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2023 Women's World Cup

Netflix’s USWNT docuseries, ‘Under Pressure,’ offers dichotomy of reality vs. storytelling

The team is trying to reach new fans, and give less heralded players their moment in the sun.

The team is trying to reach new fans, and give less heralded players their moment in the sun.

As the fellow once said, reality ain’t as real as it used to be. 

I kept returning to this thought while watching Under Pressure, the TIME and FIFA-produced docuseries about the U.S. women’s national team’s progress through the 2023 FIFA Women’s World Cup, which debuts on Netflix on Tuesday.

Director Rebecca Gitlitz most likely sought to tell one kind of story, and thanks to the United States’ heartbreaking Round of 16 exit, was forced to tell an entirely different one. The tension of what really happened and what got reshaped into a four-part narrative becomes the central question of the series. Devoted readers of The Equalizer are unlikely to learn much new from the show. Audiences don’t seem to be flocking to sports documentaries these days, either. So if Netflix can’t engage the superfans or the unfamiliar-yet-curious, who exactly is Under Pressure for?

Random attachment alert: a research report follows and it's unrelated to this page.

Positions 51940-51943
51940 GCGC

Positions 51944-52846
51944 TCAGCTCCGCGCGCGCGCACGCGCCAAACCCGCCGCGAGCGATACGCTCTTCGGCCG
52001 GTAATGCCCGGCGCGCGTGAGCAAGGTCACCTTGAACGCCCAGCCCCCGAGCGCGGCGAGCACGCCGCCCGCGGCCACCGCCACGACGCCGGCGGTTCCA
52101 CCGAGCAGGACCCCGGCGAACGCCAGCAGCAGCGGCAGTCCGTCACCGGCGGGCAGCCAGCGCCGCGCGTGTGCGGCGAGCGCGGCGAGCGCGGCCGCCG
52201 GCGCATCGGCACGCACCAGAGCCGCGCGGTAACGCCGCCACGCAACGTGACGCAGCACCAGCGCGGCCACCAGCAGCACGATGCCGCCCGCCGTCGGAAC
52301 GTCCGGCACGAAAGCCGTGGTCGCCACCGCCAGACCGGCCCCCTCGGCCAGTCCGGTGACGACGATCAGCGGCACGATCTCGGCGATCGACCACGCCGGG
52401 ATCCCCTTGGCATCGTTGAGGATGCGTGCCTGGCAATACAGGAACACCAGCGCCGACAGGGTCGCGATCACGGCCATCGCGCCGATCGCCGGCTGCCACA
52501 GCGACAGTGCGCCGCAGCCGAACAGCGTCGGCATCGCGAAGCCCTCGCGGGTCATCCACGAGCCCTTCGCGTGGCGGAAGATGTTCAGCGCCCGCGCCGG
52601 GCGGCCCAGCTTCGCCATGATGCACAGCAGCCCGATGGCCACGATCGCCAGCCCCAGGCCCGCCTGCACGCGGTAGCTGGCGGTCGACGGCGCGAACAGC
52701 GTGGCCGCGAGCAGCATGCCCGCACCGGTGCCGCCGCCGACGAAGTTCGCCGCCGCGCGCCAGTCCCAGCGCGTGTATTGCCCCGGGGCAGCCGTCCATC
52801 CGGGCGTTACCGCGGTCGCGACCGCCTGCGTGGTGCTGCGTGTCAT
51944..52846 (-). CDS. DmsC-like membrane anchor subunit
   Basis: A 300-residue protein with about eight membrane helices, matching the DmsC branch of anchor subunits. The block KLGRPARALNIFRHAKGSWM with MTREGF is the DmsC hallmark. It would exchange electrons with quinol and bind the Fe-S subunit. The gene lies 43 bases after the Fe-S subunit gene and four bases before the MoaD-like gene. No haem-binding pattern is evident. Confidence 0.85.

Under Pressure is a byproduct of the last decade of sports documentaries, heavily influenced by ESPN’s 30 For 30 series and HBO’s Hard Knocks. The portentous, foreboding opening scene — meant to take place before the U.S.’ Round of 16 match against Sweden — is a signature 30 for 30 technique. The viewer is given the climax of the whole narrative, only to quickly backtrack and use the rest of the series to show us how the story got to that point. Dramatic slow-motion, a ticking clock, and ominous offscreen voices shape the gravity of the situation. In this instance, Carli Lloyd’s criticisms are used to underline the extent to which the team has purportedly fallen from grace, that one of their own legends would take them to task. What will happen next? Stay tuned!

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